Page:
Kodiak Daily Mirror - Daily newspaper of Kodiak, Alaska
  
Alutiiq Word of the Week
 
Alutiiq Word of the Week: Arctic Entry
Siinaq - Kellidoor; Arctic Entry Cuumi, siinami taangapet puckaani et’aallriit. - Before, in the kellidor we kept our water in barrels. In northern climates where people rely on heavy clothing, stored foods, and sophisticated technologies for survival, storing one’s supplies is always a concern. Northern peoples manage this problem by creating special storage areas in their homes. In addition to piling supplies al...
Nov 01, 2013 | 0 0 comments | 19 19 recommendations | email to a friend
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Alutiiq Word of the Week: Wolf
Kaganaq - Wolf Kaganat yaksigtut maaken. - The wolves are far from here. Wolves (Canis lupus) occur throughout mainland Alaska, from the rainforests of Southeast to Unimak Island in the Aleutians and as far north as the Arctic coast of the Beaufort Sea. This huge range, nearly 85 percent of Alaska, illustrates the animals’ great adaptability. Like people, wolves can exist in many different habitats. Although wolve...
Oct 25, 2013 | 0 0 comments | 18 18 recommendations | email to a friend
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Alutiiq Word of the Week: Kindling
ARastaup’kaat (N); ARastuup’kaat (S) - Kindling (plural) Unuarpak angli aRastuup'kaalillianga. - This morning, I made a lot of kindling. Starting a fire in wet, windy Kodiak requires skill and help from some good tinder. Alutiiq families use a variety of natural materials to capture a flame. In forested parts of the archipelago, the small, dead lower branches of spruce trees stay dry in the rain. They are easy to ...
Oct 18, 2013 | 0 0 comments | 18 18 recommendations | email to a friend
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Alutiiq Word of the Week: Hammer
Mulut’uuk; Murut’uuk - Hammer Allrani mulut’uuq atu’akamgu aigaqa mulut’uurtaaqa. - Sometimes when I use the hammer I hit my hand. Before the availability of iron tools, Alutiiq people fashioned hammers from hard stones. They collected greywacke and granite cobbles from Kodiak beaches for help with chipping, pounding, and splitting jobs. Small hand-sized stones with pitted sides and ends illustrate the use of hamm...
Oct 11, 2013 | 0 0 comments | 19 19 recommendations | email to a friend
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Alutiiq Word of the Week: Window
Gaaleq – Window PatRiitaq inimauq gaalem caniani. - The picture is hanging next to the window. Alutiiq sod houses, ciqlluat, were dark inside. Their thick wood-planked roofs, covered with sod, grass, and boards, were designed to be waterproof and therefore let in little light. Most houses had a smoke hole — a square, board-covered hatch in the ceiling that could be propped open to release smoke from a fireplace be...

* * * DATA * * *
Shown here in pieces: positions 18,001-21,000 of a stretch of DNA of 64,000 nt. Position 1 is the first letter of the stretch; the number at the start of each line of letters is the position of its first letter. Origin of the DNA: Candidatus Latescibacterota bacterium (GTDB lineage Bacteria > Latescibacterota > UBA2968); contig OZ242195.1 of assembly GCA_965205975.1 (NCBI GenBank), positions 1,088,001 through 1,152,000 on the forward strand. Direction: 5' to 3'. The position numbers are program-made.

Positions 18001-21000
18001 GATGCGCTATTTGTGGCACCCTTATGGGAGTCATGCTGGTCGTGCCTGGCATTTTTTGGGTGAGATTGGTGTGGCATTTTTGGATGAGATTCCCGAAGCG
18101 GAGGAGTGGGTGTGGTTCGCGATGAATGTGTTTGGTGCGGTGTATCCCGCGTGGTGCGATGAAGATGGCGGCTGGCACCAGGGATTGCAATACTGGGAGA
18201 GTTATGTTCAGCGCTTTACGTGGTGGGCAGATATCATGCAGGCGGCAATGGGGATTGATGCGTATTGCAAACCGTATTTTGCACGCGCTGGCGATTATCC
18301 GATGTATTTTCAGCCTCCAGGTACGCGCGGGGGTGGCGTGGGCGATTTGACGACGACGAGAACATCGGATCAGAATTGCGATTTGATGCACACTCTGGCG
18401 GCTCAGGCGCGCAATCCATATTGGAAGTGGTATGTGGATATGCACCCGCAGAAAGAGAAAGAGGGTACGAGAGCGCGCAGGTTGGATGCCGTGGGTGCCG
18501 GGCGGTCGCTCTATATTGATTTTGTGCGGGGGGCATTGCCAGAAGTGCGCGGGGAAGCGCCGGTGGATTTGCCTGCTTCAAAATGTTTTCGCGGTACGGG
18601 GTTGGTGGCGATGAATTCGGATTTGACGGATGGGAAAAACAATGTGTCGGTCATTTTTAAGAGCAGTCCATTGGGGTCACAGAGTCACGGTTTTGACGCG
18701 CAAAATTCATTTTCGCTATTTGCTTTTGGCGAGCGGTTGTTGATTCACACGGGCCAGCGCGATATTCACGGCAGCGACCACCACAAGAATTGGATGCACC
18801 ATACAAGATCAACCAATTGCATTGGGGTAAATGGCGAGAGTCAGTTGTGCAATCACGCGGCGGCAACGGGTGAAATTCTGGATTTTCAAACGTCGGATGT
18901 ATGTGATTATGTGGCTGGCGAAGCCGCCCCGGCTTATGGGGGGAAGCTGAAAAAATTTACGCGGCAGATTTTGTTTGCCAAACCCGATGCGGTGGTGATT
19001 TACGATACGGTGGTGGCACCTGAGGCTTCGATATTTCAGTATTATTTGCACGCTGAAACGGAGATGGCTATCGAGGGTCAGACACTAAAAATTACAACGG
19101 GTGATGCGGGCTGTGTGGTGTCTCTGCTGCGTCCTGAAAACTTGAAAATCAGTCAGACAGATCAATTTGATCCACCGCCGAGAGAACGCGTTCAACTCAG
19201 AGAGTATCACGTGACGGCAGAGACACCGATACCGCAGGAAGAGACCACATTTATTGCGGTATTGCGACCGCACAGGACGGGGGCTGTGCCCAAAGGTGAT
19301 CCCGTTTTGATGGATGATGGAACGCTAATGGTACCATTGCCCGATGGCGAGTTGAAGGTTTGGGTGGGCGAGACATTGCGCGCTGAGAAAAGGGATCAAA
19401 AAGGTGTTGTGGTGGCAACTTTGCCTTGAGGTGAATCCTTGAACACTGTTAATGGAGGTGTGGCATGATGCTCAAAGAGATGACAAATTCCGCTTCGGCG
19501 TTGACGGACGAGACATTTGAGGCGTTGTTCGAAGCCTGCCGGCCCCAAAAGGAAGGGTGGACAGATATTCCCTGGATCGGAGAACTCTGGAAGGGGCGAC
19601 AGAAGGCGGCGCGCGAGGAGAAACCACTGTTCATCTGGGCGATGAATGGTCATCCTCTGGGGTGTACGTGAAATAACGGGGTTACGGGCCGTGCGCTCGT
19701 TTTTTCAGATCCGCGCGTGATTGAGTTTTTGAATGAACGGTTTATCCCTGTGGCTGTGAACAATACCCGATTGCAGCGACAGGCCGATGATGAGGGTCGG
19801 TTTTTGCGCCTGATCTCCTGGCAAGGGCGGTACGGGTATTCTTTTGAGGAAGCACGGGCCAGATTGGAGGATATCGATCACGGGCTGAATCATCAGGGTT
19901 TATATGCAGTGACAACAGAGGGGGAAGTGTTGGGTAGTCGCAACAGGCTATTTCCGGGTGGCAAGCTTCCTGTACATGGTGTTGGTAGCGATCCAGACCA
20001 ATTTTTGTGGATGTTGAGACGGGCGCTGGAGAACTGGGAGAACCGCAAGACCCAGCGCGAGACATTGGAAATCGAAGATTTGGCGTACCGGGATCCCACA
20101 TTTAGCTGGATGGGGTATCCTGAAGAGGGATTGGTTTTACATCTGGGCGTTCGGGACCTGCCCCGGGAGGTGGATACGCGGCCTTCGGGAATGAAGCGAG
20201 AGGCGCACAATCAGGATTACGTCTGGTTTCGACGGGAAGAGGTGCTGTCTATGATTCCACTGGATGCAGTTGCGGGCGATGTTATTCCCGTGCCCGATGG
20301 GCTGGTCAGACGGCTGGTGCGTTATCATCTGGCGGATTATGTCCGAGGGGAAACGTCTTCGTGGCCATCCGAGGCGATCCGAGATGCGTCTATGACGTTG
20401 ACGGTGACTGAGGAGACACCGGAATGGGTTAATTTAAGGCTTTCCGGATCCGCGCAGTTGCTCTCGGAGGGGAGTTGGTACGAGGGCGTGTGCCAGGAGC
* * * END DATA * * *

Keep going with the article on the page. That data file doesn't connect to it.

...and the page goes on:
Oct 04, 2013 | 0 0 comments | 25 25 recommendations | email to a friend
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Alutiiq Word of the Week: Mountain goat
PaRanaq; Pehnaiq - Mountain Goat Maani tang’rtaanitua parananek. - I never see mountain goats around here. Mountain goats (Oreamnos americanus) are one of four large ungulate species introduced to Kodiak in the early twentieth century. These docile alpine grazers live on steep, rocky mountain slopes, where they eat grasses, herbs, and low-lying shrubs. The have pointed black horns, a thick white coat, and distinct...
Sep 27, 2013 | 0 0 comments | 27 27 recommendations | email to a friend
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Alutiiq Word of the Week: Partially smoked salmon
Sikiaq - Partially Smoked Salmon Ugnerkami iqallut taikata sikialitaartukut. - In the spring when the salmon come, we make the partially smoked salmon. Sikiaq, a lightly smoked salmon, is a common offering at Alutiiq breakfast tables. Stay at an Alutiiq lodge or bed and breakfast and you may awake to the aroma of this baking fish. Unlike typical smoked salmon, which is brined and then smoked for about 10 days, sik...
Sep 20, 2013 | 0 0 comments | 22 22 recommendations | email to a friend
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Alutiiq Word of the Week: Eclipse
Iraluq tuqu’uq (literally, “The moon died.”) - Eclipse Cuumi niugtaallriit, “Iraluq tuqu’uq.” - Before they always used to say “The moon died.” An eclipse occurs when one celestial object moves into the shadow of another. This term is often used to describe a solar eclipse, when the moon’s shadow crosses the earth’s surface. However, there are also lunar eclipses, when the moon moves into the shadow of the earth. ...
Sep 13, 2013 | 0 0 comments | 25 25 recommendations | email to a friend
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Alutiiq Word of the Week: Crow
Qalngaa’aq : Crow Qalngaa’aq tan’ertuq. (N); Qalngaa’aq tamlertuq. (S) - The crow is black. Alaska is home to one species of crow: Corvus cauriuns, the northwestern crow. Smaller than its cousin the American Crow, this black bird frequents the Pacific coast from Washington state to southcentral Alaska and occasionally the eastern Aleutian Islands. The northwestern crow is a coastal species, typically found around ...
Sep 06, 2013 | 0 0 comments | 21 21 recommendations | email to a friend
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Alutiiq Word of the Week: Potato
KaRtuugaaq - Potato KaRtuugaarturtaartukut, iqallugmek cali. - We eat potatoes to go with the fish. Derived from the Russian word for potato, kartofel, the Alutiiq word for potato, kaRtuugaaq, reflects the introduction of garden produce to Kodiak in the nineteenth century. Russian traders introduced potatoes and potato gardening, encouraging potatoes to become a staple winter food in Alutiiq communities. Potatoes ...
Aug 30, 2013 | 0 0 comments | 24 24 recommendations | email to a friend
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